Mental Health, novel, Women's Fiction Author

Release to Revive

release-to-revive

Sometimes tradition makes me sick and sometimes I adore it. I like to think creatively and new, but also like to have routine and stability. Am I confusing you? What can I say, I’m a complex woman! But I have a dislike of not wanting to go along with trends of the moment. If you say, “Everyone is doing [insert behavior],” I’ll say, “Cool for them” and do something else to be innovative for myself. I just don’t like to follow the crowd most times because it’s boring to me. So, when new year’s resolutions are spoken of, I support you all the way if making one is your interest, but they aren’t for me. I switch up what I do each year—if I do anything at all (oh yes, it’s not a given)—and this year I am choosing to release some of the mind clutter I accidentally gathered last year. Want to come along for my freedom ride? I’ll help you get rid of your yuck too. Here we go with releasing to revive in 2022.

As a newly published author, I didn’t expect some pieces of a foreign puzzle to jam their way in between the right-fitting pieces of the puzzle I’m working on right now. I don’t know how those remnants got in there, but it’s time to say arrivederci. For example, when I became friends with so many wonderful authors, I was lucky enough that they wanted to help me, and I wanted to return the favor of course. Part of the help entailed them reading The Difference and reviewing it so that my reviews online can start building (this matters, people, so if you give me the honor of reading my novel, please write even a few words on your favorite website (Amazon, Barnes and Noble…)—thank you!). I also want to read all of their works of love, but there simply isn’t time due to having two careers. I’m making my way through my never-ending TBR list, but it’s a thousand times slower than I’d like. Now, I know (hope) that nobody is keeping track of whether I return the favor of reviewing their book if they reviewed mine, but I’m really trying, friends! I’ll get there, but the guilt of not having read some of my favorite people’s novels this past year has been hurting my heart and I need to stop carrying it around.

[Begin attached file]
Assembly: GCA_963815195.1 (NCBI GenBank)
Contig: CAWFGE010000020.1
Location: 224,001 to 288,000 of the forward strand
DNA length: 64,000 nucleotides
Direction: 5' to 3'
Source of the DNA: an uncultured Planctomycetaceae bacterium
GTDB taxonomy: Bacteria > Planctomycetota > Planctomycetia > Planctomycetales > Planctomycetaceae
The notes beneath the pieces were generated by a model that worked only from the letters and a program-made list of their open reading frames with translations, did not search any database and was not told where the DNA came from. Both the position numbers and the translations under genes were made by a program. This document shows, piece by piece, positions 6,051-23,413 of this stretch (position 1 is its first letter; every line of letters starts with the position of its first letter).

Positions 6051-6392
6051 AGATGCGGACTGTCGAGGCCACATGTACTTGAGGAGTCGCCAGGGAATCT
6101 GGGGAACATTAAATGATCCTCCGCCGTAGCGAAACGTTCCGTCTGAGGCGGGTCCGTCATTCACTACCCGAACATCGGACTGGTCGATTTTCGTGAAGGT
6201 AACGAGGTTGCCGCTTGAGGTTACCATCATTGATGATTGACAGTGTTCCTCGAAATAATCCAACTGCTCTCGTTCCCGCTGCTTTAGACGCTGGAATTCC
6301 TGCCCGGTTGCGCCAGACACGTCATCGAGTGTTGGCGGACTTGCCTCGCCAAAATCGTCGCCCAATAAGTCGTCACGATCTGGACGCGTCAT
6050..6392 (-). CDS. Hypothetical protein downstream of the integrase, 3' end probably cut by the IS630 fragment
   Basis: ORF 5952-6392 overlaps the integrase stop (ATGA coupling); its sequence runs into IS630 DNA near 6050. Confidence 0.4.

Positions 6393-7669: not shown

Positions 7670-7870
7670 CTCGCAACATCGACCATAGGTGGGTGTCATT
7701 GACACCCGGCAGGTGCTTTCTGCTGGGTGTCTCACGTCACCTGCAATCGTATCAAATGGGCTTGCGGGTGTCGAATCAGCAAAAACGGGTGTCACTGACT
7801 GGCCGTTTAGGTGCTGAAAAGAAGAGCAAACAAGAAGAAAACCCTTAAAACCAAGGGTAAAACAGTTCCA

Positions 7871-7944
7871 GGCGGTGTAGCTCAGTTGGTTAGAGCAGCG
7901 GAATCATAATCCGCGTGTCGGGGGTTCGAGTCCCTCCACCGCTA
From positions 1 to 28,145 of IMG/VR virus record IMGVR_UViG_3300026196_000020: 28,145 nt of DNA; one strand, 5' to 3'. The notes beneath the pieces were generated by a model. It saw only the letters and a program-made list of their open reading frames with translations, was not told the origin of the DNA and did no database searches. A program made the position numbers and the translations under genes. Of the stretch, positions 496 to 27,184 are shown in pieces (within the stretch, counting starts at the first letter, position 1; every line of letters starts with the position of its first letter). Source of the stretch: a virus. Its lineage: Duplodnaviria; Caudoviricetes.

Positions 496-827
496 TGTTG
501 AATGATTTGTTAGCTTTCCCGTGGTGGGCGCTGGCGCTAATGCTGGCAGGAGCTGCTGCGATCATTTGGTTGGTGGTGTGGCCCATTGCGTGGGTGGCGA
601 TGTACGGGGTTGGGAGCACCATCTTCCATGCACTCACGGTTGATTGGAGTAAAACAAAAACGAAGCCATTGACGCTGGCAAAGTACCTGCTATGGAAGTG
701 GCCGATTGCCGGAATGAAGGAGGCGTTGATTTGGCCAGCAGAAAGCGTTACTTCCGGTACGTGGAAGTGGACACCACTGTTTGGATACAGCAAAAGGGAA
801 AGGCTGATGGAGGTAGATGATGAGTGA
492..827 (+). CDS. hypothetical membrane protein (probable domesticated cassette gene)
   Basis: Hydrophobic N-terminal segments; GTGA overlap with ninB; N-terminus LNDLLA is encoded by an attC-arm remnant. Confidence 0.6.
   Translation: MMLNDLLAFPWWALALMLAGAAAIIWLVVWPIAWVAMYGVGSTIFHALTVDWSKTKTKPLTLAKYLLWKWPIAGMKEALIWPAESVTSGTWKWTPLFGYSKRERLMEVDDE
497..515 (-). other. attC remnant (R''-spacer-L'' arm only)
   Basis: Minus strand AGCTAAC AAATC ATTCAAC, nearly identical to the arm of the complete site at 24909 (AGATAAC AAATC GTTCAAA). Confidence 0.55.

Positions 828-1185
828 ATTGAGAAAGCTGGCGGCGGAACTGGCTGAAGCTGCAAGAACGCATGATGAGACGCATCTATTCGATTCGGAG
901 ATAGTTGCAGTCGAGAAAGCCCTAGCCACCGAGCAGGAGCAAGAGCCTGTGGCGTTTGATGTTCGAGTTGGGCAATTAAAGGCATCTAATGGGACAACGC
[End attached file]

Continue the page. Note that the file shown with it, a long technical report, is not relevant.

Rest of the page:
Another writer’s woe is not reading enough in general, since we become better writers through reading. And, I also want to read some books that aren’t my friend’s books. Gasp! It’s been a while since that happened and I intend to be freer in my reading this year. I have to do that for my soul, you know?

One more aspect to release that I’ll share is pretty obvious…I need to write more. Ah, the eternal writer’s dilemma. I took a much longer than expected break from actual writing since my debut novel published in July and I’ve been on the marketing wagon, then I needed to edit my next book, The Visitor, to get it on track for publication this year. Before I knew it, January arrived! So, as soon as the current edits for it are complete and I send it to the next editor, I’ll finally be starting my third book, The Decision.

Now, how can I truly release these guilts, yucks, and wrong puzzle pieces? I’ll turn to my therapy background and use imagery, maybe some action, and a dash of self-talk. Effective and simple, yet challenging to continuously put into practice.

What I mean by using imagery is that we all have the power to imagine releasing/relieving scenes. Think of such visions as writing your thought of release on a piece of paper, then sticking it in a balloon and watching the balloon float away high into the sky, along with your worry. Or, maybe you prefer screaming the thought into a passing train. As the train zooms by, the thought that bothered you is also moving further away from you. I also like the image of “writing” the distress on a leaf, then imagining it floating down a peaceful river. All of these methods are freeing, as well as able to be practiced by anyone anytime.

Guess what. You can also physically carry out these actions. Maybe you want to actually write on pieces of paper and rip them up, then throw them out. Send your trash out the door by placing it in the dumpster or at the curb. There, the distress is symbolically gone from your special place/home, and therefore your body. See what I mean?

Now let’s add the self-talk. You can say anything to yourself, and this is strong stuff, my friends. What we tell ourselves, we believe. So, I can say for example, “I release the guilt I carry for not yet reading my friends’ books.” I also can remind myself, “I embrace my individual timeline and life commitments.” Letting that ending positive thought wash over soothes me. I can physically feel my shoulders loosen. Now you try.